Blacks face many challenges to overcome credit card debt
“Plastic safety net” may not be best option
Ashley Montgomery | 1/16/2014, 9 a.m.
In general, Americans face a plethora of financial challenges but a recent study shows how Blacks in particular are moving a step closer to financial freedom despite their past. New research conducted by the public policy organization, Demos, reveals the exact trends for low-to-middle income households with credit card debt.
Released Dec. 2013, The Challenge of Credit Card Debt for the African American Middle Class results revealed that: “for many people, credit cards becomes a “plastic safety net” to replace dwindling incomes, private assets, and social investments, and to help families stretch their resources when paychecks and savings are not enough.”
Since the recession, Blacks do, however, owe less than they did in 2008, carrying an average balance of $5,784 today compared to $6,671 in the 2008 survey. In the past five years, Blacks have gone through the biggest economic loss of any group in the country, including the highest unemployment rates and the biggest drops in annual income.
Basically, the report states that middle-class Blacks are using credit cards in order to cover the basic living expenses. Rent, mortgage payments, groceries, utilities, or insurance are some of the things that are being paid with credit cards — mainly because Blacks do not have enough money in their checking or savings accounts. In order for Blacks to maintain a decent standard of living — one that is comparable to other groups — they must borrow and rely on credit despite paying high interest rates and suffering negative consequences of debt. The historical impact that Blacks have faced, such as racism in wealth building and current racial bias in lending has made it harder for them to thrive financially as other groups have surpassed them. Today, Black Americans have $1 in assets for every $20 owned by White Americans, and, according to the study, more than half of it is tied to home ownership. Moderate-income Blacks have similar rates of default and late payments to moderate-income whites show no significant differences. White and Blacks show similar rates of frequencies of filing bankruptcy, being evicted, or having property repossessed according to the Demos’, Challenge of Credit Card Debt for the African American Middle Class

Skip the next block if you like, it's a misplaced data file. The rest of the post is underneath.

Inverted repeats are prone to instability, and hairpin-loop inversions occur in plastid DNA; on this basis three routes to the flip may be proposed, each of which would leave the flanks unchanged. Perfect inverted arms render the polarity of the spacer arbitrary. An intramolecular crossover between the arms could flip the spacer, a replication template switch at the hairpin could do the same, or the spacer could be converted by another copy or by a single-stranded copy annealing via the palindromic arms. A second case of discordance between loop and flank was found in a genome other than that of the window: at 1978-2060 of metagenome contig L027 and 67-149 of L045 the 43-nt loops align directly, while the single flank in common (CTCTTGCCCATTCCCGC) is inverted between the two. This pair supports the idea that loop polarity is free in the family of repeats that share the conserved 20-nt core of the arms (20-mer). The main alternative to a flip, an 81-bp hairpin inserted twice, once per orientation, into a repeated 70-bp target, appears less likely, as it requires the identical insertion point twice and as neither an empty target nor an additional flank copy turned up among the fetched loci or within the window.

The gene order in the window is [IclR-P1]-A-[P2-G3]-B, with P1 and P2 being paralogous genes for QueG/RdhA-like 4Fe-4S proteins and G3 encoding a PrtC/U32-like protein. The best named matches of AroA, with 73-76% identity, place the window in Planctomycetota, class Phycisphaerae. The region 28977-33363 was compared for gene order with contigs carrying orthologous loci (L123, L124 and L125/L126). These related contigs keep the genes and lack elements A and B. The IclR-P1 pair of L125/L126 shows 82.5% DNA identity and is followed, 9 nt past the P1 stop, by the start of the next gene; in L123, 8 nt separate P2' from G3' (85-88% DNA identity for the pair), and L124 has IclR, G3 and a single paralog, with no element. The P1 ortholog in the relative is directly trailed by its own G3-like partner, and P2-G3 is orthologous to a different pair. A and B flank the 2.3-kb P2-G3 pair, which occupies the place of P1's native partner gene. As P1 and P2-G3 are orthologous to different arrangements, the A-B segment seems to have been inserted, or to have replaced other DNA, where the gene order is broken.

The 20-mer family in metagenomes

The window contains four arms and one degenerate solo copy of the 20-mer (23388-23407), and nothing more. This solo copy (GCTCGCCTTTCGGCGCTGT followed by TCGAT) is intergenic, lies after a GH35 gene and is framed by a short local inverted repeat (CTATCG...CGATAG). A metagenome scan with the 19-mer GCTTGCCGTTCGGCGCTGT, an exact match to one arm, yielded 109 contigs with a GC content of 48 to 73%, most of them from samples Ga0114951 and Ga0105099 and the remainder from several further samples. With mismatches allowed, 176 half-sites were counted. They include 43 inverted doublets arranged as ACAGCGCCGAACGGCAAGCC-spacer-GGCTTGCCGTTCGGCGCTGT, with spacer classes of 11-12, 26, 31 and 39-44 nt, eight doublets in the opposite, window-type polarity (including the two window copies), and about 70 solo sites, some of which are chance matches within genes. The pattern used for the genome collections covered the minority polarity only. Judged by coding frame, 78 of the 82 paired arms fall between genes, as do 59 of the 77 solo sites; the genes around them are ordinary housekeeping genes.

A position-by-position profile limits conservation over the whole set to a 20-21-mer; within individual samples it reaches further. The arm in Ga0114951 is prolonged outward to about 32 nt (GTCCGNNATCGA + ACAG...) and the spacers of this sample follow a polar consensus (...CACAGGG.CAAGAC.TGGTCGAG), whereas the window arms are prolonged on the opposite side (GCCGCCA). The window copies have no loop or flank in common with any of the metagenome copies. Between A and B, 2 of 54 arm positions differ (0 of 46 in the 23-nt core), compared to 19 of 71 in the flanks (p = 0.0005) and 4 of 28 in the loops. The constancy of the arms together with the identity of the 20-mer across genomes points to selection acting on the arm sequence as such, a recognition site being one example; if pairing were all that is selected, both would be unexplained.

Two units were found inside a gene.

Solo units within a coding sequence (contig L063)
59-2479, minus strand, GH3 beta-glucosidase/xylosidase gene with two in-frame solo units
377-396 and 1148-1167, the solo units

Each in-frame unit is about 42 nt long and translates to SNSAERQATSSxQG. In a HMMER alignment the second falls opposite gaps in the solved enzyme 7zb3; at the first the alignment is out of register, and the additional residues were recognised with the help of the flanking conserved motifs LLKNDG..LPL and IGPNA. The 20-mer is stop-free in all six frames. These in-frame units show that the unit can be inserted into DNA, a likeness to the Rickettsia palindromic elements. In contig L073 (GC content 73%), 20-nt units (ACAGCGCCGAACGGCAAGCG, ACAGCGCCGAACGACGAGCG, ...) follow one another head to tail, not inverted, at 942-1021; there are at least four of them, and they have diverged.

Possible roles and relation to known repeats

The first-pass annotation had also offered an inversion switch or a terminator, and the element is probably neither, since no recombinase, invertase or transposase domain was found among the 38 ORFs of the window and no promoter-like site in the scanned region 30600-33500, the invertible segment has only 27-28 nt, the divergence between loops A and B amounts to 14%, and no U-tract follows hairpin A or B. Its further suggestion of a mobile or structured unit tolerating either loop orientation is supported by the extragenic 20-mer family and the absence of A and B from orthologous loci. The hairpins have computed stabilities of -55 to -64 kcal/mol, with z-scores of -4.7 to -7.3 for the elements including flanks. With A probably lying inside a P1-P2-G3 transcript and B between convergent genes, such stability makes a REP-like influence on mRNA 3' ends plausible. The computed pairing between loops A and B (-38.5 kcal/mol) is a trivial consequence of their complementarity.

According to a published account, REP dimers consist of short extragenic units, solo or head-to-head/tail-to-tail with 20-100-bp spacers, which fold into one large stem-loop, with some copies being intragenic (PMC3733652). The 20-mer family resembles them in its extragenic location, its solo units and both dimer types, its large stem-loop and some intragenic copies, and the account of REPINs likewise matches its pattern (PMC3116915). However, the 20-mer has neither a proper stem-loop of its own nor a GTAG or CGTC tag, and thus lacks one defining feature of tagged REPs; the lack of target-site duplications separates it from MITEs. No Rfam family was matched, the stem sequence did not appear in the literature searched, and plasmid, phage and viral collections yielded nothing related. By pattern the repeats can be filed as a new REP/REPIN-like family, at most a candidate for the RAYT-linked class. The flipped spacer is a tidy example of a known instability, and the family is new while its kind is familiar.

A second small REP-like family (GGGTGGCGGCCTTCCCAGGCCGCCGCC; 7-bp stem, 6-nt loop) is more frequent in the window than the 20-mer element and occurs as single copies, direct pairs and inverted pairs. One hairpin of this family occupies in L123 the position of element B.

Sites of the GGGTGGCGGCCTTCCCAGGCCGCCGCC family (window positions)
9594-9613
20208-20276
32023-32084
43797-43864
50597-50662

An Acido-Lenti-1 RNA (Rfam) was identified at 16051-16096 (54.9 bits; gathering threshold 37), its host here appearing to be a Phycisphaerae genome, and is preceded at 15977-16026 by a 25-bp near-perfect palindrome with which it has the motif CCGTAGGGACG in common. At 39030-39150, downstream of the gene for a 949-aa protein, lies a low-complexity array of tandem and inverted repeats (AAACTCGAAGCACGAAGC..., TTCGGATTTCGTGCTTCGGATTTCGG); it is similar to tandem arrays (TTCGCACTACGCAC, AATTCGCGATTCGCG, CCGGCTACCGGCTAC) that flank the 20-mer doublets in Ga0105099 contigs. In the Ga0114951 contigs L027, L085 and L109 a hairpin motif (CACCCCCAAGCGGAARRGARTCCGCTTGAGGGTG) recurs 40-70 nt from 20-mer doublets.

In 2008, President Obama the Credit CARD Act was signed by Congress to provide security for consumers. According to The Challenge of Credit Card Debt for the African American Middle Class, 37 percent of indebted African American households reported paying more toward their credit card balance as a response to information in their monthly statements mandated by the CARD Act.
Nine out of 10 Black households that are in debt noticed the change on their monthly statements. Grant gave The Miami Times some exclusive recommendations for the Black community about credit card spending and shedding debt.
“I recommend my book, Bold Moves to Creating Financial Wealth — it teaches people how to establish a budget, shows them how to create a savings and is a step-by-step book that is truly helpful,” Grant said.
Also, Grant’s tips for saving are to have an emergency fund because credit cards average up to 10 percent or more of interest.
“You’re creating your own bank by saving and borrowing from yourself,” Grant said.
He also advised those who need help to seek it outright. There are a lot of people out there who have the answers — like credit specialist.
Grant concluded with a thoughtful message: “Today is the first day of the rest of your life, you have to take the first positive step to change your future.